I hear it a lot these days - Data Never Lies. Whether it's a political debate, a conversation on your fantasy football team, or the latest research into a childhood illness, everyone seems to agree - Data Never Lies.
The issue is that people take raw data and interpret and intuit conclusions, decisions, and courses of action, all while spouting the concept that "Data Never Lies" as proof positive that they are most certainly right.
At its very core, the statement Data Never Lies is accurate. Raw data doesn't lie. Data points are merely moments in time, frozen facts that provide a very specific truth at a very specific time under very specific circumstances. It is currently 72 degrees. That's data. That's a fact. And on it's own, it is utterly useless. Bring in other, relevant data and you begin to build a story - at 2 pm on Wednesday, October 8th 2013 in Ann Arbor, Michigan, it is 72 degrees. Supporting data gives greater detail, and makes for a better decision. But how much data is enough? Based on the information provided, Bobby decided it was a perfect day to mow the lawn, but was sadly torn to pieces by the pack of wild coyotes in the front yard. A little more data would have gone a long way.
Not only must there be enough data to build a complete story, but the data must be relevant and in context. Knowing there's wild coyotes in the front yard might seem irrelevant to weather data, but not to the decision in question. Knowing that I had Raisin Bran for breakfast this morning might make for a more compelling story, but it is irrelevant to the decision to mow the lawn. Bad data - data that is not relevant to the decision - can often be difficult to ferret out, and can lead to the wrong conclusions if included.
Even with all the right data, it can lead you to the wrong decision. That's because data requires interpretation to have any value in plotting a course, predicting the future, or making a decision. This interpretation requires human intervention, human skills, and human thought. Just look at the current political situation and you can see how flawed our ability to interpret data and make decisions can be. The proof is simple. I could have made that statement in any month of any year of any decade of civilized history and you would have thought "I know just what he's talking about". Humans make assumptions, their brains take shortcuts, their intuition is often weak, and they see the data they want to see, based on their own agendas and the baggage they bring with them.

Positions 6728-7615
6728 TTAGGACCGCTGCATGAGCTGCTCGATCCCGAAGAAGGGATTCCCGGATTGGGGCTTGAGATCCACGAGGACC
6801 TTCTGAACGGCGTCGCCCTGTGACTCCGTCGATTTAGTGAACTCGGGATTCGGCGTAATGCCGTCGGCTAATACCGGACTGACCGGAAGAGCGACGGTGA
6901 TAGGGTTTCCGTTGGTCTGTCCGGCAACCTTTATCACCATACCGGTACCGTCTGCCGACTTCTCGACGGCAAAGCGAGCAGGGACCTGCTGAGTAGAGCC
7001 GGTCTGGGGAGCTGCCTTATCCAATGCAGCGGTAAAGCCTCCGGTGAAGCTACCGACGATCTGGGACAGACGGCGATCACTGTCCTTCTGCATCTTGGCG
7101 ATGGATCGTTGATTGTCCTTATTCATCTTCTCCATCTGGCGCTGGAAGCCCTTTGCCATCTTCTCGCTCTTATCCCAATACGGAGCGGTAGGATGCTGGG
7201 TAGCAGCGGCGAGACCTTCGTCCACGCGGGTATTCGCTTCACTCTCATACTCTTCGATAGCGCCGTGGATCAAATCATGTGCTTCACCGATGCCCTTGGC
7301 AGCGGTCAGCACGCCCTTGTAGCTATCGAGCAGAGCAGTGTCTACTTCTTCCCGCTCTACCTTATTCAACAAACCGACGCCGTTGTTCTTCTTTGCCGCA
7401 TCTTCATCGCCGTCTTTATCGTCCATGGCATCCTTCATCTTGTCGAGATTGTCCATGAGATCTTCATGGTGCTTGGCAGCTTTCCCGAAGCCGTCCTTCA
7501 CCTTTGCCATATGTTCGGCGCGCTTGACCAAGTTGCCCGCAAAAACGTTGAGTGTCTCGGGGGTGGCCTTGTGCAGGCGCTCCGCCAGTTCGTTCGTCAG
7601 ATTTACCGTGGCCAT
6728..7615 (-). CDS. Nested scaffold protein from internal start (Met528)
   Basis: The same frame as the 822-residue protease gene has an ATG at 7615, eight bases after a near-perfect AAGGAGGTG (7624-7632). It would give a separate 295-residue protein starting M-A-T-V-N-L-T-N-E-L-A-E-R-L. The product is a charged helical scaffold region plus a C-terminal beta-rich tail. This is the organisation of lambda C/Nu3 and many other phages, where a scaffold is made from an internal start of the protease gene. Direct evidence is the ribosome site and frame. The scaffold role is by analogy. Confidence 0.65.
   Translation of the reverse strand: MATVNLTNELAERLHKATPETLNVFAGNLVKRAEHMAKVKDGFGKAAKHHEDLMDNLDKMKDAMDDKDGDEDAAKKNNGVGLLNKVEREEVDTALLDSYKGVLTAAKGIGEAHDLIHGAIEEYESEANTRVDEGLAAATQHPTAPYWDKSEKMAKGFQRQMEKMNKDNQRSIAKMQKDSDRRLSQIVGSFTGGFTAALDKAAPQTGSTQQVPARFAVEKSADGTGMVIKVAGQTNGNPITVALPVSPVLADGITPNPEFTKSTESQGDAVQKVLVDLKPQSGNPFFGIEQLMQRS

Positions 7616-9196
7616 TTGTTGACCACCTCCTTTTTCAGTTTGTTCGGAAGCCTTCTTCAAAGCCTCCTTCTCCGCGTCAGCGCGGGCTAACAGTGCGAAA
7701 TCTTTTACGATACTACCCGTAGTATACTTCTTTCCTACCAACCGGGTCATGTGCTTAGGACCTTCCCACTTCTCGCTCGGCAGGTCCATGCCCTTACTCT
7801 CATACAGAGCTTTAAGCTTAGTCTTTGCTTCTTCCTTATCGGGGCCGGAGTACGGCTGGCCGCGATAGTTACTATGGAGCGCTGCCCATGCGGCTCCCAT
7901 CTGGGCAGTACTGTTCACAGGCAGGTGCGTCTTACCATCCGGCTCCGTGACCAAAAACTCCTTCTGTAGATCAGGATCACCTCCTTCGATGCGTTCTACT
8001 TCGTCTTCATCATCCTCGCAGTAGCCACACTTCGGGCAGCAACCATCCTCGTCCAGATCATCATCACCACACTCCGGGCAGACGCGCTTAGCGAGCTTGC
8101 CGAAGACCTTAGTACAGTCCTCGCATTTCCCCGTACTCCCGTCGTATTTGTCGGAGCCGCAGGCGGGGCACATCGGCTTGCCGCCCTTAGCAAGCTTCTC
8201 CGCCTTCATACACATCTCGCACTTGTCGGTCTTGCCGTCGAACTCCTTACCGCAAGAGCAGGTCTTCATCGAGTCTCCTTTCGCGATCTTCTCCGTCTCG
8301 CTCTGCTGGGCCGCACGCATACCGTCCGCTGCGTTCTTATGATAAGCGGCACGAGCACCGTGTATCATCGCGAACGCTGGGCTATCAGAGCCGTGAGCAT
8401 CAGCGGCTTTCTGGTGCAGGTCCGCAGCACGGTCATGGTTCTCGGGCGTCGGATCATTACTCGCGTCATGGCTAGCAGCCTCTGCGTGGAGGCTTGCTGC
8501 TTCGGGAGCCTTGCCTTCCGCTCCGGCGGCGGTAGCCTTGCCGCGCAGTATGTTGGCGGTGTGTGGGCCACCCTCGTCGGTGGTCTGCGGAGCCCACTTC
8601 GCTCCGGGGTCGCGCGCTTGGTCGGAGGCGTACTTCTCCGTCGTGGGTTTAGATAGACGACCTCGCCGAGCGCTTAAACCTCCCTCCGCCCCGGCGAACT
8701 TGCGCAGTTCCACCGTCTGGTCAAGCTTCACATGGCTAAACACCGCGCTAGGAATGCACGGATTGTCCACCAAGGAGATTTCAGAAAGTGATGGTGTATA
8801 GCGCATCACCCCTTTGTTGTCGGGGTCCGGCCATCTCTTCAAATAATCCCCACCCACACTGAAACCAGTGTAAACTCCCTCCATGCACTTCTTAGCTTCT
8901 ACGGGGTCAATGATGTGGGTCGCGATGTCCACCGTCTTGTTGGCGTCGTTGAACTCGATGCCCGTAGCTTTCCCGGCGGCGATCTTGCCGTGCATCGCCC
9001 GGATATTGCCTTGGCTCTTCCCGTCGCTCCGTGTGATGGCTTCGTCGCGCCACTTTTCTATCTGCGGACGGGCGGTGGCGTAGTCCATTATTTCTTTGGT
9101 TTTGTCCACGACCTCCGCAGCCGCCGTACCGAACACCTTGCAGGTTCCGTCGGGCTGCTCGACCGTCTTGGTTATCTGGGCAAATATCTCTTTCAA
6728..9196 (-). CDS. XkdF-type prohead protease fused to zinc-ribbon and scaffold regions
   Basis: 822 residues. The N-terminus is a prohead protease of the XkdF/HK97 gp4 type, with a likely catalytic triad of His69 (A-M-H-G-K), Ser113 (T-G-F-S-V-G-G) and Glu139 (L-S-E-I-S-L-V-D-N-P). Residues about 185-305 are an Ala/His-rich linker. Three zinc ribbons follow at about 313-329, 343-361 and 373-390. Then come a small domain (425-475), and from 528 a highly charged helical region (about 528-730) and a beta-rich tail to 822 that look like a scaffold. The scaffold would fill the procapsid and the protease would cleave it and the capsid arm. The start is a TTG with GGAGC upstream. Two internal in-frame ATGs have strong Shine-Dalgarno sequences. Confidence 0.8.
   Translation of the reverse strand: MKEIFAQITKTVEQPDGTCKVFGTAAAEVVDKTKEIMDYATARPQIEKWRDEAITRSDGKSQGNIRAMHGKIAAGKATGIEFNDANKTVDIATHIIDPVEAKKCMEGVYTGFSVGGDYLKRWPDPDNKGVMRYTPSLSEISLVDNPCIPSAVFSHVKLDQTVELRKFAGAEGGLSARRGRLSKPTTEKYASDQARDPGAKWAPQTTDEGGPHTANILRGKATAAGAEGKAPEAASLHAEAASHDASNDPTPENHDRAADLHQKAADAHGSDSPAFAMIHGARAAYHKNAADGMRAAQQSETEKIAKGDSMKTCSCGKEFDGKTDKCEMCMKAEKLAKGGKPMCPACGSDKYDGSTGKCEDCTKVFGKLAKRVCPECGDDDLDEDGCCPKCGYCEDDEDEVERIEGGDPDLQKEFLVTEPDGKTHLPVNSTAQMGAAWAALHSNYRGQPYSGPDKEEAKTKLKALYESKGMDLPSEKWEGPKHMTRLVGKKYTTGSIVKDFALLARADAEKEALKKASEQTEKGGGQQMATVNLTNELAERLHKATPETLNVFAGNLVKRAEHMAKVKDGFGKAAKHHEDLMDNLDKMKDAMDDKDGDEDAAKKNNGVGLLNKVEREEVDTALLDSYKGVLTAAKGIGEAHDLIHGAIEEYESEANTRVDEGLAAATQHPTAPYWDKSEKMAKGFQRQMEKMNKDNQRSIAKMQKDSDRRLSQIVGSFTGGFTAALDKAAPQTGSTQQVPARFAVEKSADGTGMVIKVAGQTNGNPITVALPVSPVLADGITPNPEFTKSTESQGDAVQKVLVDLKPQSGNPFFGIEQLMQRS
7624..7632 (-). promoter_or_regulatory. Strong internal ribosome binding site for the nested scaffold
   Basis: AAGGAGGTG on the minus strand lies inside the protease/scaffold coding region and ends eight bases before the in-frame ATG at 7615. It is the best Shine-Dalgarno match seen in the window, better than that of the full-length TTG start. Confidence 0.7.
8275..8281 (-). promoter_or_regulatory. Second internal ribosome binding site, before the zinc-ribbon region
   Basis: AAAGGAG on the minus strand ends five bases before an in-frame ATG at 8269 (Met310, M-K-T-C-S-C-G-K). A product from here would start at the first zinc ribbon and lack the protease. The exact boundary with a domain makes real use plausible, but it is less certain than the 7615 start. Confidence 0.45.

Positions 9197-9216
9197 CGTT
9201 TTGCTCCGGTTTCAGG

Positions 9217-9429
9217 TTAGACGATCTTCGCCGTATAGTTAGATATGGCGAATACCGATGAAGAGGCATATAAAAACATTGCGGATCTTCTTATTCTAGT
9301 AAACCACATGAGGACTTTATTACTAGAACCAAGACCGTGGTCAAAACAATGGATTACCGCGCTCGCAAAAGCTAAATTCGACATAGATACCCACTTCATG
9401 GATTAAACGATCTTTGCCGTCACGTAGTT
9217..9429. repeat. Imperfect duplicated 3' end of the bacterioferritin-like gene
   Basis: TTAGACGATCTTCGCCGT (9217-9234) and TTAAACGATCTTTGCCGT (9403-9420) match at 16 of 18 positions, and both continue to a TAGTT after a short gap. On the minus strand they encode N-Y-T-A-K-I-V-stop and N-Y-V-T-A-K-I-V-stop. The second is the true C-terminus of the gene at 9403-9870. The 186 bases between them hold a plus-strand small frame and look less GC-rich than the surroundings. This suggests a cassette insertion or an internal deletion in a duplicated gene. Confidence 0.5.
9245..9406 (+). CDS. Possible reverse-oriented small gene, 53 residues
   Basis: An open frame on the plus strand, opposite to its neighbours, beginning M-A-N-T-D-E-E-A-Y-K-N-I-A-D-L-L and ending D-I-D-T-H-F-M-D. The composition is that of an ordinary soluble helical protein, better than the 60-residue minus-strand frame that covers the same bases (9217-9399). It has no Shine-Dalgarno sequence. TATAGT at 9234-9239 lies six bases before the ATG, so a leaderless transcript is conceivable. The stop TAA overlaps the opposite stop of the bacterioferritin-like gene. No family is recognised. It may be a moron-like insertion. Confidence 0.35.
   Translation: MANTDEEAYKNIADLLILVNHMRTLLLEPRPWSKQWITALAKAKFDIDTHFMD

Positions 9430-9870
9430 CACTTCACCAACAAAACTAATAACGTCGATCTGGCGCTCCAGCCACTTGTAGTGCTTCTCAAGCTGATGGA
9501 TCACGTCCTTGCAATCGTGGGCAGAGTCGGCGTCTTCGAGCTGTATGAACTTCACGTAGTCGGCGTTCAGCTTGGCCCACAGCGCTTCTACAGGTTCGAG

How do you avoid falling prey to the coyotes? The first step is to know what the question is you're trying to answer, and understand it first. If you don't understand the question, you'll never understand the answer. IF you don't understand the question, you won't gather enough (or appropriate) data, turning you into a coyote snack.
Don't gather too much data. This is not a contradiction to the previous point. Sometimes the goal is to be on a fishing expedition, looking for a question that you didn't know you had, and it's important to look at as much data as possible for trends. But that's a situation where you're searching for a question, not an answer. When you already have a question or decision to make, too much irrelevant and useless data will cloud and confuse the process. How many times have you seen a movie where one side in a legal battle swamps the other with millions of documents to hide the truth? Don't do it to yourself.
The toughest nut to crack is the correct interpretation of the data. It's important to remove as many pre-disposed ideas and obstacles that might lead a human to jump to a conclusion or select a course of action based on an agenda and not on the data. Organizations and individuals often give off subtle clues as to the answer they want, and this can drive those interpreting the data to make a bad call. This is an example of organizational group think. Avoid making up your mind in advance, and learn to recognize when you're gathering the data and seeing only what you want to see to get the answer you want, rather than letting the answer flow naturally from the data.
And the next time your spouse tells you that's it's the perfect day to mow the lawn because Data Never Lies, remember to ask about the coyotes.